The right to participate is an entry point into the society and contributes to peaceful, democratic and inclusive societies. It also promotes the rule of law and the realisation of all other fundamental and human rights. In addition to being a central component of the human rights based approach, the right to participate is at the core of the 2030 Agenda for Sustainable Development and its Sustainable Development Goals. The Charter of Fundamental Rights of the European Union guarantees participatory rights for the European citizens.
The second panel will examine participation as a fundamental right, taking a comprehensive view on different forms, levels and modalities of participation. The panel focuses on the equal realisation of the right to participate in political and public affairs and asks how we can promote the equal and meaningful participation of different groups, such as youth, persons with disabilities, LGBTI persons and national and ethnic minorities, in order to build inclusive societies where the voice of everyone is heard.
Moderator: Kirsi Pimiä, Non-Discrimination Ombudsman of Finland, Member of Equinet Executive Board
- Barbara Nolan, Head of Unit, Fundamental Rights Policy, Directorate-General for Justice and Consumers, European Commission
- Christophe Poirel, Director of Human Rights, Directorate General of Human Rights and Rule of Law, Council of Europe
- Lora Vidović, Ombudswoman of the Republic of Croatia, Member of the Board of the European Network of National Human Rights Institutions (ENNHRI)
- Gabriel N. Toggenburg, PhD, European Union Agency for Fundamental Rights
- Evelyne Paradis, Executive Director, ILGA Europe
- Pirkko Mahlamäki, LL.M., Executive Committee Member of the European Disability Forum; Secretary General of the Finnish Disability Forum
17.00 Closing of the first day
18.00 Reception hosted by the City of Helsinki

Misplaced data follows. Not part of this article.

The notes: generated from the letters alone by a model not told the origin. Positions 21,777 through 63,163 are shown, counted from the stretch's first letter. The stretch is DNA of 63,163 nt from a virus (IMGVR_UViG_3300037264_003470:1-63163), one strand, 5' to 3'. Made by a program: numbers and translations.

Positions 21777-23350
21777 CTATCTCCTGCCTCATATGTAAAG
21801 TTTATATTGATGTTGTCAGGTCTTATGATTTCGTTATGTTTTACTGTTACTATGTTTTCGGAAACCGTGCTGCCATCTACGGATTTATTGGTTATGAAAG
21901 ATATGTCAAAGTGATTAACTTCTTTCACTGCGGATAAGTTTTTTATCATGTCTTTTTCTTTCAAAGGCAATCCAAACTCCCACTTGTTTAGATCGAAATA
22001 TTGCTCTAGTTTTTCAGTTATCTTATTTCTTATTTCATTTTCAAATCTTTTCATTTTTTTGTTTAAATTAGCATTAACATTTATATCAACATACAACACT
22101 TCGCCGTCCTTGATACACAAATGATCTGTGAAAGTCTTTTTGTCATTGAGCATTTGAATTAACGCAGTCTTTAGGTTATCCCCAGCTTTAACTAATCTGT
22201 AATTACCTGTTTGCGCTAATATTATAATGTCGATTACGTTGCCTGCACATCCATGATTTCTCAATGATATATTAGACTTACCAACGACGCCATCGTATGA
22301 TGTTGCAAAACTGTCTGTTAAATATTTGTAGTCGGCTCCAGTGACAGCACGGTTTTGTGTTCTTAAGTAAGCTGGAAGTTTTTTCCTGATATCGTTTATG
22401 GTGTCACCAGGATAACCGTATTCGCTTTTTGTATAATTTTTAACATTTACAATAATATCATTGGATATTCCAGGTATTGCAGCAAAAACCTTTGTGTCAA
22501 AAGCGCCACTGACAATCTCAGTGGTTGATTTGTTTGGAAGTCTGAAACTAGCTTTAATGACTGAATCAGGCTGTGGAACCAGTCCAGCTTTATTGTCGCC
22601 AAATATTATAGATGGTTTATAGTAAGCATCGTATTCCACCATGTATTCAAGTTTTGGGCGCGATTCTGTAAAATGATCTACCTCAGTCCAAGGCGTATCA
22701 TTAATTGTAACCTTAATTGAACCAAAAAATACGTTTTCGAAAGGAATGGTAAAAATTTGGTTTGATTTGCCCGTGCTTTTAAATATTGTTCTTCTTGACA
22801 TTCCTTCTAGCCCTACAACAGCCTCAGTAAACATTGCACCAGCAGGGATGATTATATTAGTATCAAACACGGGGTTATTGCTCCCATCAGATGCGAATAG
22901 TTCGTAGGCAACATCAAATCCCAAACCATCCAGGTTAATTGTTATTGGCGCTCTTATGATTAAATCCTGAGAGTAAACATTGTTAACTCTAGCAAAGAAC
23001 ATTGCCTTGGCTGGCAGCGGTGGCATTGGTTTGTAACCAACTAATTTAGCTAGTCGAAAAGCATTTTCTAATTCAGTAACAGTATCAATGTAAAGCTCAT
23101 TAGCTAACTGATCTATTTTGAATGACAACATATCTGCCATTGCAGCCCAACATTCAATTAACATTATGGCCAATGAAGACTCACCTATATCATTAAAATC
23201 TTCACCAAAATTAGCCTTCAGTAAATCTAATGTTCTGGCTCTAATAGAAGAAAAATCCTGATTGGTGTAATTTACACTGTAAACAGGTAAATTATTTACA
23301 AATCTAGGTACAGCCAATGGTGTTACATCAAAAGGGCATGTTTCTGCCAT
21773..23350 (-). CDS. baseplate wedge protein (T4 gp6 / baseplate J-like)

Wednesday 11 September
8.15–9.00 Registration (day 2)
9.00–9.45 Opening of the second day
Opening by the Minister for European Affairs of Finland, Tytti Tuppurainen
Keynote speech by the First Vice-President of the European Commission, Frans Timmermans
9.45–12.00 Working session III: Rule of law
Theme: Rule of law as a prerequisite for a democratic society
The rule of law is the cornerstone of any democratic society. It is a core value of the European Union and one of the founding principles stemming from the common constitutional traditions of its member states. A proper system of checks and balances upholds the separation of powers and ensures accountability. Citizens must be able to trust the public institutions. This requires, inter alia, that the principles of legality, legal certainty and prohibition of arbitrariness of the executive powers are respected. Independent and impartial courts, effective judicial review and equality before the law are also essential.
The third panel will discuss the following questions: how should the rule of law tools of the EU be strengthened and developed? What are the roles of different European actors in ensuring that the rule of law is respected? Could we find new ways to identify possible deficiencies earlier and prevent them?
Moderator: Teija Tiilikainen, Director, Finnish Institute of International Affairs
- Allan Rosas, Judge at the European Court of Justice
- Emmanuel Crabit, Director, Fundamental Rights and Rule of Law, Directorate-General for Justice and Consumers, European Commission
- Christine Roger, Director-General, Justice and Home Affairs, Council of the European Union, General Secretariat
- Päivi Hirvelä, Justice of the Supreme Court of Finland, former Judge of the European Court of Human Rights, Substitute Member of the Venice Commission
- Mark Ellis, Executive Director, International Bar Association
12.00–12.45 Wrap-up conversation between the working session moderators and adoption of conference conclusions
12.45–13.00 Closing words
Director General Johanna Suurpää
Please note that participation in the conference is by personal invitation only.
10.9.2019 – 11.9.2019
Mannerheimintie 13, Helsinki, Suomi